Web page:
Basics of Insurance Claims in Car Accidents

Understanding the Basics of Insurance Claims

If you have been involved in a North Carolina car accident, knowing how to open, file and manage your insurance claim after an accident can help you avoid some major headaches associated with the claims process. A thorough and complete understanding of the accident claims process is essential to the success of your claim. More importantly, failing to appreciate the claims process and its unusual intricacies can be disastrous for your potential claim or case.

Two important entities govern the relationship between you and any insurance company: (1) the North Carolina Department of Insurance (NCDOI) and (2) an insurance policy, if applicable.

The NC Department of Insurance is the state regulatory agency that governs the insurance industry at large, presides over the licensing of insurance professionals and others, educates consumers about different types of insurance issues, handles consumer complaints related to insurance companies and manages several other insurance industry-related activities, such as insurance policy language and limitations.

An insurance policy is the document that governs the specifics of your relationship with a particular insurance company and details the terms and conditions of your relationship as an insured. The policy outlines the insurance company’s obligations to its clients (sometimes known as the “insured”) and the insured’s obligations to the company.

Filing an insurance claim is a voluntary process of seeking reimbursement for injuries or damages for an event that may be covered under the policy. The process begins when the insured opens a claim for reimbursement for injuries or damages with the insurance company. After the claim has been opened and the insured submits documentation or evidence that supports the alleged injuries or damages, the insurance company will evaluate the claims and decide whether to accept the claim or deny it. It is important to note that it is exceptionally rare for an insurance company to accept everything that the insured is claiming or has claimed as injuries or damages. The person assessing the claim may decide to accept only part of the claim and deny other parts.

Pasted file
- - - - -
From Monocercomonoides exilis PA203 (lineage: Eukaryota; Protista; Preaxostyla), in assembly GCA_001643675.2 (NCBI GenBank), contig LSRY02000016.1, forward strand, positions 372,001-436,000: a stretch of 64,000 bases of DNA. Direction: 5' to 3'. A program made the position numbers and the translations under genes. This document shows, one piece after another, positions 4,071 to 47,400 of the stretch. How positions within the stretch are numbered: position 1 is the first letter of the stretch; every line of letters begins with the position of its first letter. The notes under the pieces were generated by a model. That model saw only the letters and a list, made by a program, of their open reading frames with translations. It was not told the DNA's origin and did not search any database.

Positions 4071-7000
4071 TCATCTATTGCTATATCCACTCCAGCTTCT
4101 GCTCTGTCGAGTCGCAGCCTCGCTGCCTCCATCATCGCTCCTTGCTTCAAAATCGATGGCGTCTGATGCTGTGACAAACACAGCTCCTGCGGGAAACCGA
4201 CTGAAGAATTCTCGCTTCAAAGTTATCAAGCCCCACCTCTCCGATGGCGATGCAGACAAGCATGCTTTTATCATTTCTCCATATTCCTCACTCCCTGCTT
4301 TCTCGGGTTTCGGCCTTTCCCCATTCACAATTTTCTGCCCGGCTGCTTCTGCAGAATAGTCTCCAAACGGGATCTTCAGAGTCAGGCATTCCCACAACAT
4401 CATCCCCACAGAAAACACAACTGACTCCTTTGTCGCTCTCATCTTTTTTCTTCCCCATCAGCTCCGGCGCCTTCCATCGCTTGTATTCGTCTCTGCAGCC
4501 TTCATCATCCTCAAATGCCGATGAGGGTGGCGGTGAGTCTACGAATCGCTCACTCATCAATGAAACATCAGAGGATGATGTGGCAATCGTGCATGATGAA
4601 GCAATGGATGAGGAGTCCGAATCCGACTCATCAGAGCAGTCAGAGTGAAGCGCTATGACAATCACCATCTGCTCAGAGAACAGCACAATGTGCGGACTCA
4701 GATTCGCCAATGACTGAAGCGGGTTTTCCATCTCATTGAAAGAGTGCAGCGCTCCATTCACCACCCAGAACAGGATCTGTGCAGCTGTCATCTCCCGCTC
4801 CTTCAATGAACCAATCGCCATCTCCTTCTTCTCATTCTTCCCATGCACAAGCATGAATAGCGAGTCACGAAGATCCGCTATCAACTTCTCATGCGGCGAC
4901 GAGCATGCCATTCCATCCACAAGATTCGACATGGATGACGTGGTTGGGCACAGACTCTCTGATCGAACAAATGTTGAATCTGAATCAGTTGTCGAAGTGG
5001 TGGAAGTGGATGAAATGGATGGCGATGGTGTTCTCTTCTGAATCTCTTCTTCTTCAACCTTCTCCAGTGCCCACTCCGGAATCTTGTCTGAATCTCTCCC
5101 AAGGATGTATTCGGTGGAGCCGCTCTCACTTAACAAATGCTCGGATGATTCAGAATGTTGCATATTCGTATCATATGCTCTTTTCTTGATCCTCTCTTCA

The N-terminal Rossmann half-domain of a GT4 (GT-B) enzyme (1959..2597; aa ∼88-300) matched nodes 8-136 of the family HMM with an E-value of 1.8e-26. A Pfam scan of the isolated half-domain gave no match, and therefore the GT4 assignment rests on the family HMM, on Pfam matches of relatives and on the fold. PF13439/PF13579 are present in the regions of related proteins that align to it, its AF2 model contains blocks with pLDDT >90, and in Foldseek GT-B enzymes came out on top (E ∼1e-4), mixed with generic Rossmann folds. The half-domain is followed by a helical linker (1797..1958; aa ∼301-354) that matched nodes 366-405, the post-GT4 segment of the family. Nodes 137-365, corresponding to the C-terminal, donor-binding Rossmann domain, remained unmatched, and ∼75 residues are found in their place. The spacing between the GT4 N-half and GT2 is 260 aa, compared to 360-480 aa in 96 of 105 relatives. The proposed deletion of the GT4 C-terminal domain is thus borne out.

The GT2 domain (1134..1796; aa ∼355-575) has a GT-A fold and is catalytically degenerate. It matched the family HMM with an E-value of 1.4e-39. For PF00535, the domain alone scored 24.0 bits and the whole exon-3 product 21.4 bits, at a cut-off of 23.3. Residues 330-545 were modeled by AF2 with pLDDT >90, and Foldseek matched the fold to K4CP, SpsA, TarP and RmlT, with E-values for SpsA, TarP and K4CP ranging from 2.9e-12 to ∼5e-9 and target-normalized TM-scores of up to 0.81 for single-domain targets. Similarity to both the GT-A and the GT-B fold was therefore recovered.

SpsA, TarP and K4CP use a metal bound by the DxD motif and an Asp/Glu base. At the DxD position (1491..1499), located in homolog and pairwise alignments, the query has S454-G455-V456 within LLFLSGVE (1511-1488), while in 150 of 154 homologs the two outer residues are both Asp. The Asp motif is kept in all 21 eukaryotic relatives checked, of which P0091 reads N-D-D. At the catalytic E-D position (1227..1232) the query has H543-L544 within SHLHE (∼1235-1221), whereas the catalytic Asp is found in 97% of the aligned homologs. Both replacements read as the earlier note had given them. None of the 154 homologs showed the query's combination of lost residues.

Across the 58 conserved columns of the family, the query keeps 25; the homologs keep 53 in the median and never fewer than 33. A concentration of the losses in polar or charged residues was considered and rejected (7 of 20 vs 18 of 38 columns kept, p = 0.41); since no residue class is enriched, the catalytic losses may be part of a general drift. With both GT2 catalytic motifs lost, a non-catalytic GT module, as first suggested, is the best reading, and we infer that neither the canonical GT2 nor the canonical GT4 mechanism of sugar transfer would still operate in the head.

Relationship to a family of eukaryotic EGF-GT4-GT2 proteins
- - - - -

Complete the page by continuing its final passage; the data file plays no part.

When deciding whether or not to file a claim, you should read the language within your policy to figure out what types of coverage you have on your policy. Moreover, understanding the language and limitations within your policy will allow you to know exactly what the policy covers and what it does not.

If you are presenting a personal injury claim that includes medical expenses, you will need to submit a properly formatted and detailed doctor’s bill to the insurance company. A properly formatted medical bill will show any health insurance payments and co-payments made toward the bill and include procedure codes detailing what exactly you were treated for. If your claim includes property damage, such as damage to your vehicle, you will need to speak to the insurance company and likely create a separate claim for that injury.

IMPORTANT: Insurance companies bifurcate the claims process. Claims for compensation for injury to your person are known as bodily injury claims and are handled separately from property damage claims. A property damage claim is a claim for damage to your personal property, such as a vehicle, cell phone, mailbox, etc.

Once you have called and opened a claim with the insurance company, your claim will be assigned to a claims adjuster. It is paramount to remember that the adjuster works for the insurance company and not for you. While the adjuster is there to assist you, they do not represent you and are not acting to benefit anyone but their company’s interests.

The adjuster is assigned to your claim to assist the insurance company in evaluating your claim against that company, which often includes making in-person inspections of the accident scene and vehicle involved, gathering evidence, and reviewing medical bills and records. Furthermore, the adjuster is given the responsibility of determining whether the claim is covered under a policy and how much a particular claim may be worth, given the facts and circumstances.

Why are claims denied?

It is not uncommon for an adjuster to deny a claim if they feel that the evidence, documentation and facts support that decision. If the adjuster has denied your claim, it is important to discuss with them the rationale for the denial. You may want to take notes about what they have stated or even record the call, when appropriate. Understanding the adjuster’s reasoning can be helpful in requesting a reconsideration of the decision. It is unusual for an adjuster to change their mind, but it does happen from time to time, especially if you can support your rationale with evidence, facts and documentation.

Unfortunately, adjusters and insurance companies are notorious for denying cases and claims. If you plan on presenting your claim to the insurance company, you need to understand why claims are often denied:

  1. The relief sought is not covered under the insurance policy – lack of coverage.
  2. Misleading information or intentionally incorrect information was provided to the insurance company.
  3. There is no policy in effect.
  4. The relief sought is unreasonable or unsupported by the evidence showing the damages or injuries.
  5. The adjuster believes that you were contributorily negligent.

If and when an adjuster denies a claim or there is a dispute over the value of a claim, it may be helpful to request reconsideration of the denial or valuation. This reconsideration process is informal and rarely works. Should the adjuster be unwilling to accept the claim or increase their offer, you may wish to consider filing a lawsuit.

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